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Russian President Boris Yeltsin reshuffled his government on Thursday, bringing two trusted Kremlin aides and a politically inexperienced banker into a cabinet designed to push ahead with reforms.

Yeltsin retained his defense, interior and nationalities ministers under Prime Minister Viktor Cherno-myrdin, despite a humiliating rebel offensive which has killed or wounded hundreds of Russian soldiers in Chechnya in the last nine days.The largely rebel-controlled Chechen capital Grozny was quieter on Thursday, with only sporadic gunfire. Yeltsin's security czar Alexander Lebed flew to the army base outside the city armed with sweeping new powers to try to end the bloodshed.

Chernomyrdin unveiled the cabinet and a new streamlined administration with fewer departments after consultations with Yeltsin. The government resigned under constitutional procedures following Yeltsin's re-election on July 3, but the president and parliament backed Chernomyrdin for a new term last week.

"(This is) a radical restructuring of the system of executive power in Russia which corresponds fully to the new tasks which are before us," Chernomyrdin told a news conference as his new cabinet lined up beside him on the rostrum.

Kremlin chief aide Viktor Ilyushin, 59, became one of three first deputy prime minsters with 35-year-old banker Vladimir Potanin and Alexei Bolshakov, previously a deputy prime minister handling ties with the Commonwealth of Independent States.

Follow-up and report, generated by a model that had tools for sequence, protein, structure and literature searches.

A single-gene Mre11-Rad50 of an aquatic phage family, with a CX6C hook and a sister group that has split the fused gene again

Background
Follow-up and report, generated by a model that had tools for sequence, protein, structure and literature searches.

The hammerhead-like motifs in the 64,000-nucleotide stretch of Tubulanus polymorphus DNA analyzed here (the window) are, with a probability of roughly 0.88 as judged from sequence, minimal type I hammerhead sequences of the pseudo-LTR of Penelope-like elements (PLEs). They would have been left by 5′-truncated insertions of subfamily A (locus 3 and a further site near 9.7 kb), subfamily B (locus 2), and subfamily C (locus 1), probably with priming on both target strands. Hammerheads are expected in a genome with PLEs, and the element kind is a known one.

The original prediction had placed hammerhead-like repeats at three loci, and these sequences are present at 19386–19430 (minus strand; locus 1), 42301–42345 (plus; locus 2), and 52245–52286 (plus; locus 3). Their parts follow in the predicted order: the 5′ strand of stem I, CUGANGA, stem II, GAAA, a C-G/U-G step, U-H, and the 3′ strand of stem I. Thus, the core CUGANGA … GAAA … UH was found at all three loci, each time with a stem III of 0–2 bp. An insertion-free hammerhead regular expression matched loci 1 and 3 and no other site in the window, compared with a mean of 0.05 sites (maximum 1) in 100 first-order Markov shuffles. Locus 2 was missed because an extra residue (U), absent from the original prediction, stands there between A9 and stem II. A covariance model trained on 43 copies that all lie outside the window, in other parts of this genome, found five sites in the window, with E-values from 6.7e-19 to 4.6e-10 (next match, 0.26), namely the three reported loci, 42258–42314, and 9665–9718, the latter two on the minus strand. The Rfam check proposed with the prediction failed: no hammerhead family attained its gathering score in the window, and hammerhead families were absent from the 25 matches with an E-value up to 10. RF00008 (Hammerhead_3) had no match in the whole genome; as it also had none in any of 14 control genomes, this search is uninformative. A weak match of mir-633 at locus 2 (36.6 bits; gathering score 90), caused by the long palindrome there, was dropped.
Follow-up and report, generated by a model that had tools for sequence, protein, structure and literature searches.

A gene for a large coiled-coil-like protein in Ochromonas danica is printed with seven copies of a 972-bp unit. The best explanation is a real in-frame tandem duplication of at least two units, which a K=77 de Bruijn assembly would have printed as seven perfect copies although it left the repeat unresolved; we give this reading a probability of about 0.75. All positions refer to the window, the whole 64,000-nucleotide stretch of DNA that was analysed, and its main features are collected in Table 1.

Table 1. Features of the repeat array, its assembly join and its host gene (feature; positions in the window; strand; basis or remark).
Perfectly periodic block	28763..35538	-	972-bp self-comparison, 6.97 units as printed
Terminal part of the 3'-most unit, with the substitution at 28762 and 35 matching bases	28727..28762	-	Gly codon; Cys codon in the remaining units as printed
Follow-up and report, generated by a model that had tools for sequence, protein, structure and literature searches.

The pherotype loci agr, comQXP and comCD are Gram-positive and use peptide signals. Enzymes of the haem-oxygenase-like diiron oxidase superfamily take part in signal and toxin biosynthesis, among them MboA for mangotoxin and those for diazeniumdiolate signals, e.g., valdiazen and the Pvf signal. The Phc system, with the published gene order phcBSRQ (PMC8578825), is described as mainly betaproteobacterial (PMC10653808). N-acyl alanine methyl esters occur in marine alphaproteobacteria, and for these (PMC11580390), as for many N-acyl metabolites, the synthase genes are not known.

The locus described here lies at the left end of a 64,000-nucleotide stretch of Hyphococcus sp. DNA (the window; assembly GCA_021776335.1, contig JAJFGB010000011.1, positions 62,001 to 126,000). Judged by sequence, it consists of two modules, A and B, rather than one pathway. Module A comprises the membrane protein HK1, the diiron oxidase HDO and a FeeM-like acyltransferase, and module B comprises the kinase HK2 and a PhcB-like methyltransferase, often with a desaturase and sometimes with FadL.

Chernomyrdin said Bolshakov, 56, a low-profile minister since November 1994, would be his chief deputy. Ilyushin was widely expected to take charge of social affairs and Potanin would have con-trol of the economy.

Yeltsin's top economic aide, Alexander Livshits, replaced the much-criticised Vladimir Panskov as finance minister. He also has the rank of deputy prime minister, unlike Panskov.

Like Ilyushin, Livshits has been a loyal Yeltsin aide whose role in helping organise the president's re-election was widely praised. But they have no experience in government.

Neither does Potanin, head of the commercial Uneximbank.

"First one can hope that government will become better organized than it was before the elections," political analyst Andrei Kortunov told Reuters Television.